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Music Streaming is Popular, But So is Stream Ripping

Stream ripping’s popularity continues to grow, according to IFPI.

London, UK (September 26, 2019)—More people are listening to more music, but not always legally, according to the new Music Listening 2019 report from IFPI, the UK-headquartered organization that represents the recorded music industry worldwide.

Music Listening 2019 examines the ways in which a representative sample of music consumers aged 16–64 engage with recorded music across 21 countries: Argentina, Australia, Brazil, Canada, France, Germany, Italy, Japan, Mexico, Netherlands, New Zealand, Poland, Russia, South Africa, South Korea, Spain, Sweden, the United Kingdom and the United States.

State of the Industry 2019: Recording

The survey paints a picture of engaged music fans. Globally, 54% say they love or are fanatical about music, a figure that is highest among the 16-24 age group (63%). According to the survey, music lovers listen to twice as much music, through streaming services, CD or vinyl, are twice as likely to pay for a streaming music subscription and attend live music events at three times the average. A small number, 2.5%, say that music is unimportant to them.

On average, according to the survey, respondents spend 18 each week listening to music, up slightly from 17.8 hours in 2018. That’s the equivalent of 2.6 hours, or roughly 52 three-minute songs, per day.

While pop, rock and oldies top the list of most popular music genres, hip-hop, at number 4, is by far the most listened to by younger fans. According to the survey, fans aged 16-24 are four times more likely to listen to hip-hop than any other genre. More than one-fifth of respondents in that age group in four countries — South Africa, Russia, Poland and Germany — list hip-hop and rap as their favorite type of music.

Globally, 89% of people listen to music through on-demand streaming, nearly half of which, 47%, is via video streaming. Listening via streaming is on the increase worldwide, with the greatest increases among older age groups. IFPI’s figures indicate that audio streaming listening among those aged 35 through 64 increased 8% to 9% compared to 2018.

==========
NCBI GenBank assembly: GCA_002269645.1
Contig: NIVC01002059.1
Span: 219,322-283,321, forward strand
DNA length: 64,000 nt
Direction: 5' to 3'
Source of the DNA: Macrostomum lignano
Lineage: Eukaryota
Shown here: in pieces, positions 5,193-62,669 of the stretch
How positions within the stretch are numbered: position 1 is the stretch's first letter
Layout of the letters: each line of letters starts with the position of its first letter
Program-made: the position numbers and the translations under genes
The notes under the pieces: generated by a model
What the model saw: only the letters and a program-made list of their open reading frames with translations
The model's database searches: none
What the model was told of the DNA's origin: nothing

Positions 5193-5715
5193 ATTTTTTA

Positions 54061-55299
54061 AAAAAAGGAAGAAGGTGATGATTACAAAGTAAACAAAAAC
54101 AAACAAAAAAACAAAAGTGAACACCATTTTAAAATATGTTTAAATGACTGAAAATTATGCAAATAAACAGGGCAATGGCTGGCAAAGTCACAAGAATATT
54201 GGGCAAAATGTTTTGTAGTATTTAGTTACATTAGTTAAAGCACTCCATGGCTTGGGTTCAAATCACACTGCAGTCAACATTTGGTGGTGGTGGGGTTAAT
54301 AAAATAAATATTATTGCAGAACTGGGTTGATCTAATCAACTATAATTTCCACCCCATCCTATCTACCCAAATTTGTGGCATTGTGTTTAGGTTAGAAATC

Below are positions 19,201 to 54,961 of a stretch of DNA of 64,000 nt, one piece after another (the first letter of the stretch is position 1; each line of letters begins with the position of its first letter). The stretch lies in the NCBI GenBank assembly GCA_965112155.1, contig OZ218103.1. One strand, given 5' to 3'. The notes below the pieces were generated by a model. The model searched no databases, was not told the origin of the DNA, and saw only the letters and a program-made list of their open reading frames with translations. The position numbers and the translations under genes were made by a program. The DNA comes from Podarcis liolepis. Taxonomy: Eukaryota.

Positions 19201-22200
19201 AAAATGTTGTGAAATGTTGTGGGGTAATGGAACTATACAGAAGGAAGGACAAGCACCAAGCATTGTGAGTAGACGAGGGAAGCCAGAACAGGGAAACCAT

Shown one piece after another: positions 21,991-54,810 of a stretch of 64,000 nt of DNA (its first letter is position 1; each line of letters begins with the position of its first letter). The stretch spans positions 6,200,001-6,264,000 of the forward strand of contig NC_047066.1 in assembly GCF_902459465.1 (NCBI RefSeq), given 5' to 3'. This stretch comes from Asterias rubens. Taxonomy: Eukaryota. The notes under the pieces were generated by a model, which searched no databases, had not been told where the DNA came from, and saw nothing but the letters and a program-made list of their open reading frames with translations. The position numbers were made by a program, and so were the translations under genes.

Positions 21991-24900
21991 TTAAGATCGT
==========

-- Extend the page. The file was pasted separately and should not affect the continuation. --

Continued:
Despite the increase in streaming numbers, radio is still an important source of music for listeners. Globally, respondents spend an average of 5.4 hours weekly listening to music on broadcast or internet radio. In the Netherlands, that figure is 10.5 hours, with Poland, Germany, New Zealand and South Africa all well above the global average for weekly listening hours. Most radio listening, 51%, is via smartphone with 45% using a standalone radio.

Worldwide, 26% of respondents reported purchasing music during the previous month, on CD, vinyl or via download. The top three nations for purchasing music are South Korea (44% of respondents), the USA (34%) and the UK (30%).

Copyright infringement — using unlicensed sources to listen to or download music — is still widely prevalent. According to IFPI’s survey, 27% of respondents overall listened to music through copyright infringement during the previous month. That figure was 38% among the 16-24 age group.

The most common form of piracy is stream ripping, creating a downloadable file from streaming services. Overall, 23% of those surveyed reported that they stream-rip music, with one-third of 16-24-year-olds (34%) obtaining music by that method.

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According to Frances Moore, chief executive of IFPi, “Practices such as stream ripping are still prevalent and return nothing to those who create and invest in music. We continue to coordinate worldwide action to address this.”

IFPI • www.ifpi.org

Music Listening 2019 • https://www.ifpi.org/downloads/Music-Listening-2019.pdf

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